Federal agents investigating terrorist activities today raided a software company in Boston. The agents were looking for evidence that the firm, Ptech, has ties with the al Qaeda terrorist network. Investigators are focusing on the company's connection with a Saudi businessman.
Allan Dodds Frank reports.
ALLAN DODDS FRANK, CNN CORRESPONDENT (voice-over): The small Massachusetts software company raided by U.S. terrorism investigators late last night has a long list of government clients, including the FBI and the IRS. But the government was quick to say that the investigation has determined that government computers have not been compromised.
TOM RIDGE, HOMELAND SECURITY DIRECTOR: It has been scrutinized by the best, and it poses no strategic threat or operational threat to this country.
FRANK: Sources say investigators are focusing on the company's finances. They are looking for Ptech's connections to Islamic charities and this man, a wealthy Saudi businessman named Yasin al- Qadi.
Shortly after the September 11 attacks, the U.S. government blocked Qadi's assets on the ground that charities he was connected to were funding al Qaeda.
On October 12, 2001 the U.S. government designated Qadi as a global terrorist. Soon thereafter, sources tell CNN, a Ptech employee called the FBI.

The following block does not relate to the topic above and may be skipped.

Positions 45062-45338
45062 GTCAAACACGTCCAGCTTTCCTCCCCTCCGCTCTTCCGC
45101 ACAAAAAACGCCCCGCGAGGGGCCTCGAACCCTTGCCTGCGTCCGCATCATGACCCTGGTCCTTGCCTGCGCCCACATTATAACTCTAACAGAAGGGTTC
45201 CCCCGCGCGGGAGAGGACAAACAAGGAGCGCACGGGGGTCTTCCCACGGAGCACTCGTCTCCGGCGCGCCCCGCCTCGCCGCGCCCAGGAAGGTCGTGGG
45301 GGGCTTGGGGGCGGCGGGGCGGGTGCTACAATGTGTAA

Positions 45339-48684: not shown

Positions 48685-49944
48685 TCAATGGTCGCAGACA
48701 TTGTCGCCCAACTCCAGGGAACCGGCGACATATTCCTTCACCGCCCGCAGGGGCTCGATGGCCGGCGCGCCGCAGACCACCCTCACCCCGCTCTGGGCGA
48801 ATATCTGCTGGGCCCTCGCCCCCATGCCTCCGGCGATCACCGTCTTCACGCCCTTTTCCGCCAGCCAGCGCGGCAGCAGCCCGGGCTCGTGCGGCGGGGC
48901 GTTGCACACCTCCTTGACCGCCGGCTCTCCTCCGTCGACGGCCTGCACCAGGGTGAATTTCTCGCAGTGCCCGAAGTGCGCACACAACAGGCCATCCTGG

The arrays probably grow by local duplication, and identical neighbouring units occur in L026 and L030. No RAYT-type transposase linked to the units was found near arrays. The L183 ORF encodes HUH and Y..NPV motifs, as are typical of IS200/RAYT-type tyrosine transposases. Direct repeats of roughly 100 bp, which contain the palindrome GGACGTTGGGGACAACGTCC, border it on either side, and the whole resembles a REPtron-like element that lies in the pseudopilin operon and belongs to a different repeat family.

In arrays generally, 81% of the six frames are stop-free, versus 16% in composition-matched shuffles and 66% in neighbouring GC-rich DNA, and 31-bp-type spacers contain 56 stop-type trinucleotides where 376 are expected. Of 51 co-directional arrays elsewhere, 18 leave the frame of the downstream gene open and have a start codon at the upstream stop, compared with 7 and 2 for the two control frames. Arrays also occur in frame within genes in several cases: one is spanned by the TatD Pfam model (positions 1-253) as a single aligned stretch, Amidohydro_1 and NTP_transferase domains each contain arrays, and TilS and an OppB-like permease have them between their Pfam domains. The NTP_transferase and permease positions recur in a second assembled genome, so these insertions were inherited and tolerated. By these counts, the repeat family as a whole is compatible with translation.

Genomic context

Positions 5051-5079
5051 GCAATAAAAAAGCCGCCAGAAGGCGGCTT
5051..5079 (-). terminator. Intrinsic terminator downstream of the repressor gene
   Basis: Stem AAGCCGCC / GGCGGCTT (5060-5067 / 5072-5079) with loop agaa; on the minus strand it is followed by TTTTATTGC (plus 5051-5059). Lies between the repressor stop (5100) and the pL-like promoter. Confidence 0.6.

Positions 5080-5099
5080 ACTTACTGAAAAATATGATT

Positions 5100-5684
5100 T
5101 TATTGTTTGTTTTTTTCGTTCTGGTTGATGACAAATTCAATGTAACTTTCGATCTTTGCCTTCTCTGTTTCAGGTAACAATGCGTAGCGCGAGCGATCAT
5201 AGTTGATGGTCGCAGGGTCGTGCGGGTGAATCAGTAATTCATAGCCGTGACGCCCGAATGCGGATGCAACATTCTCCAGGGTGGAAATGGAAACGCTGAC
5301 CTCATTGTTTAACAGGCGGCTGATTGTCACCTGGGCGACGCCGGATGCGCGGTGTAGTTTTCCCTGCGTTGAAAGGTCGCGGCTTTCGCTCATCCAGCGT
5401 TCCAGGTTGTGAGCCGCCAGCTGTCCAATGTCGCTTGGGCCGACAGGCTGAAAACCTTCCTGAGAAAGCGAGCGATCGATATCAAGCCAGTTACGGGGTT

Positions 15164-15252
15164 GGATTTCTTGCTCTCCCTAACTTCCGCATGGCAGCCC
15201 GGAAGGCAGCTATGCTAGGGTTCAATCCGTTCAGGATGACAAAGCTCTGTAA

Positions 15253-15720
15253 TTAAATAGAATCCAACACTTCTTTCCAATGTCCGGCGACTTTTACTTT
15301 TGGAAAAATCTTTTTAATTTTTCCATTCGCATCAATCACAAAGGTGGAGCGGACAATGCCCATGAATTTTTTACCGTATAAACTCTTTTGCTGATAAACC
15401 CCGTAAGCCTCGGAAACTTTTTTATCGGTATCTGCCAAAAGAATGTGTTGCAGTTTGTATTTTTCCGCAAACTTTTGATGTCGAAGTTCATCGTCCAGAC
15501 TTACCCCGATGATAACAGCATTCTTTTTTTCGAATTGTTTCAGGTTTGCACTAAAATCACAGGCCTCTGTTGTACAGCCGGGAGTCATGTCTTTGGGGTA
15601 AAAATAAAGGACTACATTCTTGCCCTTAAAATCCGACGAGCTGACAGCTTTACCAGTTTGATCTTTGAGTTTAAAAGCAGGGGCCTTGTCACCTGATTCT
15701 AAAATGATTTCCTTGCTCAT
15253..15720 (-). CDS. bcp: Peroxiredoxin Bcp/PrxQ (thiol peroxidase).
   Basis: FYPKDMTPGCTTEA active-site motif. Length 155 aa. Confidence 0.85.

Qadi, the FBI was told, had been introduced earlier in Saudi Arabia to Ptech employees as an owner.
Rita Katz, an investigator for families of September 11 victims who aresuing Qadi and other alleged terrorists, began looking at Ptech five months ago.
RITA KATZ,TERRORISM EXPERT: Yasin Qadi established a worldwide network.His companies are not only in United States. His companies are based in Turkey,in England, in -- all over Europe, and in Saudi Arabia.
FRANK: The government began investigating Qadi in the late 1990s in Chicago, where he sent $820,000 to the Koranic literacy institute. Prosecutors say about $100,000 of that money ended up being used to buy arms in the Middle East.
MARK FLESSNER, FMR. FEDERAL PROSECUTOR: He came on our radar screen with respect to being involved in monies that was laundered and ultimately went to assist in support of Hamas in the late '90s.
FRANK: Ptech says it is cooperating with government investigators and has no connections to terrorism. The privately held company has had no immediate comment about whether Qadi is an investor or whether the company made charitable contribution that might have been diverted to terrorists. Yasin al-Qadi also denies any connections to terrorism -- Lou.
DOBBS: Allan, thank you very much.